Politics & Policy

Common Sense on Syrian Refugees

A Syrian family arrives on the Greek island of Lesbos. (Bulent Kilic/AFP/Getty)

Understand that the debate about Syrian refugees in the United States is a political sideshow. It has nothing to do with ending the crisis in Syria itself, nothing to do with helping France and Lebanon fight Jihadi terror, and nothing to do with xenophobia. Should the United States offer refuge to Syrians fleeing the war? Absolutely. But let’s get some perspective.

First, the terror attacks in Paris (and Beirut) represent a global war on Western civilization, not on all humanity. Second, one study found that 13 percent of Syrian refugees have a positive view of ISIS. That fact should chill you. Third, there should be no doubt that ISIS is using the refugee crisis to infiltrate the West (including our allies, France, Germany, and Turkey). That explains fact number four: 53 percent of Americans are opposed to accepting any Syrian refugees here. This is a commonsense response, even if you and I believe it is incorrect. It is shameful for politicians to call this a racist reaction, which is the lowest, commonest trick in the Left’s political playbook.

The United States welcomes more immigrants than any country in the world, and more refugees. Open arms to the wretched masses is the single best thing about the United States.

The recent U.S. quota has been to accept 70,000 refugees per year. President Obama has proposed expanding the number to include 10,000 refugees from Syria. That seems entirely noble and good. But let’s pause and consider 10,000 refugees is less than one-tenth of 1 percent of the 11 million refugees in Syria, of which 4 million have been able to escape the country. In other words, any American-bound refugees are tokens of concern in the big picture. What is Obama doing — what is America doing — to help the 11 million? Saving refugees is morally right, but it is also morally right to go to war against ISIS and create a safe zone. It is morally right to commit to a long-term multinational occupation of Palmyra, Aleppo, and Raqqa that restores order and peace.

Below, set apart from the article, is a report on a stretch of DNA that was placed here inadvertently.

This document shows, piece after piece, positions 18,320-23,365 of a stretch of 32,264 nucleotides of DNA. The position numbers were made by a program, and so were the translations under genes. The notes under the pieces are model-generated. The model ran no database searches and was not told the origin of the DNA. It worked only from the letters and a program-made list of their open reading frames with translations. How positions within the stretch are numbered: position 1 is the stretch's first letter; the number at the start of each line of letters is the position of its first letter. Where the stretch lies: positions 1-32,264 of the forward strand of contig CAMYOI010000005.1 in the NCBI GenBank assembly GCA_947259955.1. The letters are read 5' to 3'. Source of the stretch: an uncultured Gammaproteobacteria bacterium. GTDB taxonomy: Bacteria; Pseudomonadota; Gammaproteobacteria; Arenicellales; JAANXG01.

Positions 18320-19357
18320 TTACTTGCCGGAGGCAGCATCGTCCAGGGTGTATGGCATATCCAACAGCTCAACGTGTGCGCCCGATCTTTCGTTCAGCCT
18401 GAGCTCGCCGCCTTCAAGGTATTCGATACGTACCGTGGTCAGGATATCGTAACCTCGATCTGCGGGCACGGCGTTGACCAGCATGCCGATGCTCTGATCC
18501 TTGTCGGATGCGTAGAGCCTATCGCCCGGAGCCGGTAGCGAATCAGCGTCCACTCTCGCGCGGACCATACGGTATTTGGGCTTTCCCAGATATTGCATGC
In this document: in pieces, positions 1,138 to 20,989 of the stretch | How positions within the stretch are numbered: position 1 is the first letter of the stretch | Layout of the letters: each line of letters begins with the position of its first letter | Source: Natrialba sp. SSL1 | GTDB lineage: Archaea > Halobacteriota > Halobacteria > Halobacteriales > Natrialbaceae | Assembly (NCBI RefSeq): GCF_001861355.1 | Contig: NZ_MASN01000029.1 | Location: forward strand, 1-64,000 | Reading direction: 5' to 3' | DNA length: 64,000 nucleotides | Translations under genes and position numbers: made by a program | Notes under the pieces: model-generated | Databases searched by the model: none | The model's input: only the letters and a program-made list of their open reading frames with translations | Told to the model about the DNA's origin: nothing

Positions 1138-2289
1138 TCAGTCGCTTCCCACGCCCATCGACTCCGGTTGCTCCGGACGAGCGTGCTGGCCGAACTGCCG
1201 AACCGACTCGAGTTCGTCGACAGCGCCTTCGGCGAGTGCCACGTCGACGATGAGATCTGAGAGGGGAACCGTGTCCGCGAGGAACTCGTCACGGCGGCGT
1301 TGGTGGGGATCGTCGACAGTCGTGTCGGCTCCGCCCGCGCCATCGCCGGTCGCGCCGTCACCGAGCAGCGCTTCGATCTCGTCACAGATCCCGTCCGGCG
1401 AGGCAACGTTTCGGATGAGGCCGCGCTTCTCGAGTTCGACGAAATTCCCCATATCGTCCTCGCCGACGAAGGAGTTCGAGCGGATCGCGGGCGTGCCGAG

#share#It’s not cowardice to ask for a pause and better screening of refugees from Syria. It’s not cowardice to suggest prioritizing the most vulnerable refugees: the children, the elderly, the families, and yes, those who are being slaughtered because of their faith and gender, over the young single males most prone to terrorism. If we can only give refuge to less than 1 percent of Syrian refugees, why can’t the President offer a commonsense compromise that refuge be given to the most vulnerable? It’s certainly not cowardly for a bipartisan compromise requiring visas from any foreigner who has traveled to Syria and now wants to enter the United States. God bless Senators Dianne Feinstein (D., Calif.) and Jeff Flake (R., Ariz.) for their mature leadership, which should be a lesson to the White House and presidential candidates.

What is cowardice? Fearing a fight, avoiding war at any cost, retreating from allies in need, legitimizing the motives of barbarians, making excuses for inaction, and, most relevant to our elected officials, political sideshows that shift attention away from all of the above.

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